Letter to National Security Advisor Donilon on Violence Between Gaza and Israel, November 20, 2012
November 20, 2012
Thomas E. Donilon, National Security Advisor
Washington, DC 20270
Dear Mr. Donilon:
The escalating violence between Gaza and southern Israel is cause for alarm. The recent rocket attacks from Gaza into Israel, including some as distant as Tel Aviv and Jerusalem, represent a continuing pattern of morally unjustifiable uses of indiscriminate force. A recent barrage resulted in the deaths of at least three Israeli civilians.
Israel has a right to defend its citizens, but its use of force must be proportionate and discriminate. The media report that Israeli air attacks have killed about 100 Palestinians and wounded many more. The Director of Caritas Jerusalem noted that the hospitals in Gaza are “overwhelmed with casualties” and is appealing for supplies. This continuing violence has serious implications for the ongoing Israeli-Palestinian conflict and for regional stability.
The Latin Patriarch of Jerusalem, Fouad Twal, has expressed “solidarity to all victims who are at the center of our thoughts and prayers.” He has also prayed “that all those who have roles of responsibility in this conflict will not give in to hate.” We share the Patriarch’s concerns.
As Chairman of the Committee on International Justice and Peace of the United States Conference of Catholic Bishops, I urge the United States to exercise leadership with countries in the region and internationally to end this cycle of violence and retaliation before it spirals further out of control. Violence will not bring peace to the region; it will only reinforce historic hurts and deepen divisions, making peace even more remote.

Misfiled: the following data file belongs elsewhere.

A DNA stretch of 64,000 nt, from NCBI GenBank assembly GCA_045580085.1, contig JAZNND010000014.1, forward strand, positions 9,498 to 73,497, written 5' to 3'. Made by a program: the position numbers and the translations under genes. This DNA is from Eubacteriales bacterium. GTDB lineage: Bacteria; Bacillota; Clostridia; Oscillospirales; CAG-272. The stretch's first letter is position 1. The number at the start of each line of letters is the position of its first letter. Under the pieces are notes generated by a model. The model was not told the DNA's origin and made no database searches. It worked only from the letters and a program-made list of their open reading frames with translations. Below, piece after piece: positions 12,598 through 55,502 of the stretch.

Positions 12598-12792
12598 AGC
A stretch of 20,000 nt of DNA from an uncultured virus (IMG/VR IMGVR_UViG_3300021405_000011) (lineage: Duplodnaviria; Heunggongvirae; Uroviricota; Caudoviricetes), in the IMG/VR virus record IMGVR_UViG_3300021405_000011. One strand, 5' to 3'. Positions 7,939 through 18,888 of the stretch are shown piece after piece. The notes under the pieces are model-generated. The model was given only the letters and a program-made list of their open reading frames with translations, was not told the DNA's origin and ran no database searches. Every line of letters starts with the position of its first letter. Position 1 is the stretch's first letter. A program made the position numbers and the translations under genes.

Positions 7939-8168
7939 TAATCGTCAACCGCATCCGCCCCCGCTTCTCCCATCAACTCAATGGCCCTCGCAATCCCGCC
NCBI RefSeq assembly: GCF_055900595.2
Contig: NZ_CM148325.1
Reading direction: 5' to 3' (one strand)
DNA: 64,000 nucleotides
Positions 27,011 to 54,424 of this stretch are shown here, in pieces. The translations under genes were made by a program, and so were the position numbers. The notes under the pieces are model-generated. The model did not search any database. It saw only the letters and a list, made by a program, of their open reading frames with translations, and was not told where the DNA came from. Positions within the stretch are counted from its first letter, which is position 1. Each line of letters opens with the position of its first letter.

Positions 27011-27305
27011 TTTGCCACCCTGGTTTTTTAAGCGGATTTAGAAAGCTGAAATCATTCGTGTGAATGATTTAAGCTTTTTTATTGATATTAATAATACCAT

Indefensible rocket attacks must end. There must be a reversal of Israeli policies that undermine the possibility of a two-state solution. Palestinians must renounce violence, improve security and strengthen governance. Israelis must stop settlement expansion in the West Bank, ease residency requirements and end home demolitions that harm Palestinian families, and review the route of the security barrier for its impact on Palestinian lives and livelihoods.
An immediate cease fire must be negotiated as a precondition so that leaders on both sides can give Israelis and Palestinians hope for a different future free of fear and full of promise.
Most Reverend Richard E. Pates
Bishop of Des Moines
Chair, Committee on International Justice and Peace